#318 – A Story of Resilience With Bruce W. Brackett

I think that you have to be resilient in this world and whether you realize it or not, no matter who it is or what they’ve gone through, you too are resilient and powerful in your own way. And once you embrace that and you harness that your life becomes limitless. You can really achieve and do anything. If you get out of your own way and show up and be your own advocate and do it. The to screen podcast is owned and made possible by ethical marketing service. If your business is struggling with Google or Facebook ads, maybe you’re frustrated figuring it out or there’s a performance issue. Ethical marketing service has worked on hundreds of accounts and we can help in this area if you would like to find out if we can help. It’s a free no salesy consultation call and the link is in the description. Enjoy the episode. Thomas Green here with ethical marketing service on the episode today we have Bruce Bracket Bruce. Welcome. Hi, Thomas. Thank you so much for having me. It is very much my pleasure. Would you like to take a moment and tell the audience a bit about yourself and what you do?

Sure. Yeah. Hi, everyone. My name is Bruce W Bracket. I am a social media influencer, uh, author, a motivational speaker, international motivational speaker and currently getting my, uh, certificate and license to be a life coach. And what I do is I am known mainly for my negativity begone catchphrase on social media platforms. As someone who has overcome from bullying trauma, mental health addiction, I find a huge responsibility now that I’m on this side of that to give back to others who still might be left in the dust and they’re still trying to figure out their way out of that. So I find a great responsibility on my side to show that no matter what it is that you’re facing or where you’re from, that you too can overcome and recover. That’s an amazing message. And um thank you for doing that work. It’s also twofold. So, um when I checked out the socials, I am a big fan of the positivity stuff.

I think we, we lack some of that in the world and I think you’re exemplary in that in that way. Uh But then also from the sort of more meaningful perspective of, uh you know, people who are going through tough times and you, you help them along with that. So thank you very much for doing all that. Um And if you wouldn’t mind, uh wherever you feel is relevant in terms of your story um, you know, what would you share? Oh, my goodness. All of it. I don’t think we have enough time. No, I, ok. So, like I said, I am a recovering alcoholic and addict. I have gone through many years of therapy, overcoming my own uh trauma experiences, my own mental health, being diagnosed, bipolar and manic depressive, uh being diagnosed HIV, positive at a younger age when I was 21 going through my drug addictions and um the whole spectrum of that of where that led me in life. But if I were to share my story, it started at the beginning letting people know that I was born into detox from drugs and alcohol.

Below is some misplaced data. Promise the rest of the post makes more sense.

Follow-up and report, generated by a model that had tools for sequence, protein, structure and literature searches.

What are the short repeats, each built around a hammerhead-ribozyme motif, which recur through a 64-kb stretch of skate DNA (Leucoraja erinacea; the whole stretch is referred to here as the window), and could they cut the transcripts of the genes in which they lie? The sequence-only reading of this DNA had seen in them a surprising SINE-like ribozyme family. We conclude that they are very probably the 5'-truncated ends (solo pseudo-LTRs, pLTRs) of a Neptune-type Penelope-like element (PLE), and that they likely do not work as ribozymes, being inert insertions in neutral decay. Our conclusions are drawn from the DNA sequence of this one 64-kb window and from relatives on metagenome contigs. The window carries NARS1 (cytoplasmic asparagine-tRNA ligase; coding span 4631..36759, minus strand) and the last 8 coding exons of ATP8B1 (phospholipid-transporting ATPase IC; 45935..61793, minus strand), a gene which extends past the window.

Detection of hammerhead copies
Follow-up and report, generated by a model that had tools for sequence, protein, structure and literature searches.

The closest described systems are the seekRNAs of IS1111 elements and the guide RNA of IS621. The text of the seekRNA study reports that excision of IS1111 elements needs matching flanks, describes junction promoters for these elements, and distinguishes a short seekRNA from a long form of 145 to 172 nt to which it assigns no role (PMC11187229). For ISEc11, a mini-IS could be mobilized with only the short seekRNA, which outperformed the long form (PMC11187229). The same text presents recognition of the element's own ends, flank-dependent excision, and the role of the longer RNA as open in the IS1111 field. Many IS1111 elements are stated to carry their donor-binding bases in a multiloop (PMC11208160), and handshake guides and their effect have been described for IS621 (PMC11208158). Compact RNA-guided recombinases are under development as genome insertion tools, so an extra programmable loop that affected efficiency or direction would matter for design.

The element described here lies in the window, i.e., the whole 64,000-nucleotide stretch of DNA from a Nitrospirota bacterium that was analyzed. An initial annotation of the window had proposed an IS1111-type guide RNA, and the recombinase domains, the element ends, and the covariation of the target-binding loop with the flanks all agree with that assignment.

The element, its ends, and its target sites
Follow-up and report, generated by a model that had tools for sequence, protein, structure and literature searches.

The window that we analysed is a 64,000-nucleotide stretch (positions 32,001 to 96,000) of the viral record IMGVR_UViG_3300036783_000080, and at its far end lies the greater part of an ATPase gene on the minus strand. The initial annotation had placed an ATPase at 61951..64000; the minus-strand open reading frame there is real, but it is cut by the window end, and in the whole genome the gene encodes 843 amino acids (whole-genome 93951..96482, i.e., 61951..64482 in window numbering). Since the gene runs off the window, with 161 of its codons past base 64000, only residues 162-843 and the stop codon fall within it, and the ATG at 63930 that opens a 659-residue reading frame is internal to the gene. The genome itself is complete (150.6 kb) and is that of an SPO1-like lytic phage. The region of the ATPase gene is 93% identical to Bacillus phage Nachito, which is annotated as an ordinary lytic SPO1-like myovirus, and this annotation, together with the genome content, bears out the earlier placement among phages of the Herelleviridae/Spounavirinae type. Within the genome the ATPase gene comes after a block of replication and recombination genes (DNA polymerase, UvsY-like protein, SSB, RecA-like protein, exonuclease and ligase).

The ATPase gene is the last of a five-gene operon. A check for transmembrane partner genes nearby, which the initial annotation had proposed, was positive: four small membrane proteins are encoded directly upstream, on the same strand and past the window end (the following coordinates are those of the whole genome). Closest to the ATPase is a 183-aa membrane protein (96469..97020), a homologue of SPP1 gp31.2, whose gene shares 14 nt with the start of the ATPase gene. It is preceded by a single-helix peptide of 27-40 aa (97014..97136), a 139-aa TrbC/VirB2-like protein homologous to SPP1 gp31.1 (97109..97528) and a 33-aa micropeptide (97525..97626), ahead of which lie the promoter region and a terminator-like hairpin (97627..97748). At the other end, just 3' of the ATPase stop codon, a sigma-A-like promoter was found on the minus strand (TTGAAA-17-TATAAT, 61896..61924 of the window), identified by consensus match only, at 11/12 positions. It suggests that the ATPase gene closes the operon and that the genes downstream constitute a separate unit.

That was the entrance of my life. And from that, the odds were pretty much stacked against me. I went home from the hospital being born and went home to one of the worst reported cases of abuse that Montana had seen in the early 19 nineties. Again, the odds were really kind of stacked against me. Uh fast forward by a very powerful force of the heavens that be or a higher power removed us from that situation and placed us into foster care. We went through the foster care system very briefly, which is really unheard of, especially with the family with many siblings. Typically, when you’re placed in foster care, the siblings are separated and they continue going through the foster care system only to later be adopted or worst case scenario, they graduate out of the foster care system when they’re 18 and then have to just face life on their own as an entering adult into the world.

And that wasn’t our case. We were all kept together and adopted together. We only went through two foster homes. We were very fortunate in that, in that respect. And I owe everything to my mom and dad, my adoptive parents uh for they really provided love nourishment, the resources that we needed, like trauma therapy, overcoming everything that we faced in our early adolescent or in my case, the first cognitive years of my life. And although we were you when that happened, I’m sorry, what age were you around when that happened? I was removed from my birth family when I was three and adopted at the age of like 6.5. So it, you know, the adoption process and everything it takes some time. There’s a lot of case workers involve social work and workers involved paperwork going through, making sure that the adoptive parents are the correct fit for the Children in need. And so it definitely took some time and when I was six, they finally adopted us and although we were removed from a traumatic experience, it doesn’t mean that that trauma just ends and then everything’s hunky dory, you know, we spent years and years in, in um and hospitals and um therapy just going through the aftermath of all of that.